A lease is an agreement between the landlord and the tenant, giving them the right to run their business or operation in your property…
And there’s a saying in commercial property investing… ‘You don’t buy the property, you buy the lease.’
The agreement covers all the various terms and conditions of how you are going to lease that property to them – including how the rent is paid and how it is increased, who pays what outgoings, what happens if there is a dispute, what happens if they stop paying the rent, how much bank guarantee (which is like a bond) they have to pay, etc.
You can also negotiate virtually any point in a lease. It’s all up for discussion and both parties typically respect that none of the points are set in stone.
One of the benefits of commercial property is that solicitors and lawyers are generally almost always involved in the leases – so you are dealing with a business tenant who is going in with their eyes open.
A commercial lease is also much more powerful than a residential lease, because 90% of the time they are registered on the title of the property.
In fact, they are almost as powerful as a mortgage document, and they’re never entered into lightly by either the landlord or the tenant. It’s a fantastic document to base your investment on..
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So what’s considered long-term? Typically, anything longer than three years.
You’ll find the standard groups of terms for leases in Australia are three years with a three-year option, and maybe another three-year option after that; or, five years with a five-year option, and then another five-year option.
But if you look around online, you’ll often see that there are some properties – particularly properties like childcare centres, Bunnings warehouses, KFCs, ALDI stores, big franchise tenants and businesses like this – that have leases which could be 10 or 20 years in length, or two 10-year terms.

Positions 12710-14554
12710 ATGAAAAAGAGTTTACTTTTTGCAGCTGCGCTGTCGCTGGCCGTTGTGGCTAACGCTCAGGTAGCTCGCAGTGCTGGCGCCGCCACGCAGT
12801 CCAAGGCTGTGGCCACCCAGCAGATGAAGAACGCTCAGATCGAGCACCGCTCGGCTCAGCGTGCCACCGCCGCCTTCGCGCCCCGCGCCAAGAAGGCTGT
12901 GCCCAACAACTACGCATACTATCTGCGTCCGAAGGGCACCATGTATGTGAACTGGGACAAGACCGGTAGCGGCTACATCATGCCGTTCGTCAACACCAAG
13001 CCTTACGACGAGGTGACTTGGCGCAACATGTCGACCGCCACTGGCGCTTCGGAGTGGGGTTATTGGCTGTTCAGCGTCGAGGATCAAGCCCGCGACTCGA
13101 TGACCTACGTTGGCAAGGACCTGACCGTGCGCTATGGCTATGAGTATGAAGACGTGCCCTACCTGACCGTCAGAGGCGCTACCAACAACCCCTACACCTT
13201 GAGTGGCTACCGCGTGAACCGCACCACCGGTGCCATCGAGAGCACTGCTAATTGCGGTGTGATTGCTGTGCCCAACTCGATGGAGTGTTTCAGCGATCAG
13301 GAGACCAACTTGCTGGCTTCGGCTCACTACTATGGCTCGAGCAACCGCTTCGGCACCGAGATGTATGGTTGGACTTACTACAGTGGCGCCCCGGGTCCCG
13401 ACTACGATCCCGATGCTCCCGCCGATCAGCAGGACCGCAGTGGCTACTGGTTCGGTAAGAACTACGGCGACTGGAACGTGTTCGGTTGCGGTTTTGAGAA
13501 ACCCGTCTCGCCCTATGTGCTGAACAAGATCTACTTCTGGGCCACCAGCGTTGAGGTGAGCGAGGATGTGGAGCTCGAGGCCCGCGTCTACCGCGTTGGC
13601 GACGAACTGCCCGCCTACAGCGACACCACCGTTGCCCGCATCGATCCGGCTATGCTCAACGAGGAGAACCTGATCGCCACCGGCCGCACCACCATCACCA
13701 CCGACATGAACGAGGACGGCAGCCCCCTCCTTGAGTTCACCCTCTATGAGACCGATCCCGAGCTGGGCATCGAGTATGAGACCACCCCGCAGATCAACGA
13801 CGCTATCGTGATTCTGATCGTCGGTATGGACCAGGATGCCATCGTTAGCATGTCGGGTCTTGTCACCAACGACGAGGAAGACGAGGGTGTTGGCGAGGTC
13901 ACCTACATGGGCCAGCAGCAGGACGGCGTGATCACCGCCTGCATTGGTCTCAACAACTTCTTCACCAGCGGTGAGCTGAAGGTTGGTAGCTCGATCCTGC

Long-term leases reduce your risk because you can plan ahead…
You’re not likely to be looking at any vacancy during the first term of the lease, and if there is a downturn in the market, or something unforeseen happens, generally that lease will carry you through that.
Plus, with a long-term lease, there is a more regular and steady income that is guaranteed for a longer period of time. This creates more certainty as you’ll be able to work out what the projected ROI will be over the term of the lease.
It also allows you to plan for locking in your interest rates because you can run the locked rate on your loan, or a part of your loan, in tandem with the term of your lease…
This can be a great strategy – if you have a five-year lease, you might consider locking in most of your loan at a good rate for that five-year period.
From a landlord’s viewpoint, there are pros and cons to both short and long-term leases, and the right choice for you will usually depend on the supply and demand of your property in your particular area.
And the most important thing? Never ever go into a lease feeling you have to win on every single point in the agreement.
It’s firmly in the interests of all parties to be flexible during negotiations, and to have an agreeable relationship during the term of the lease agreement.
To Your Success
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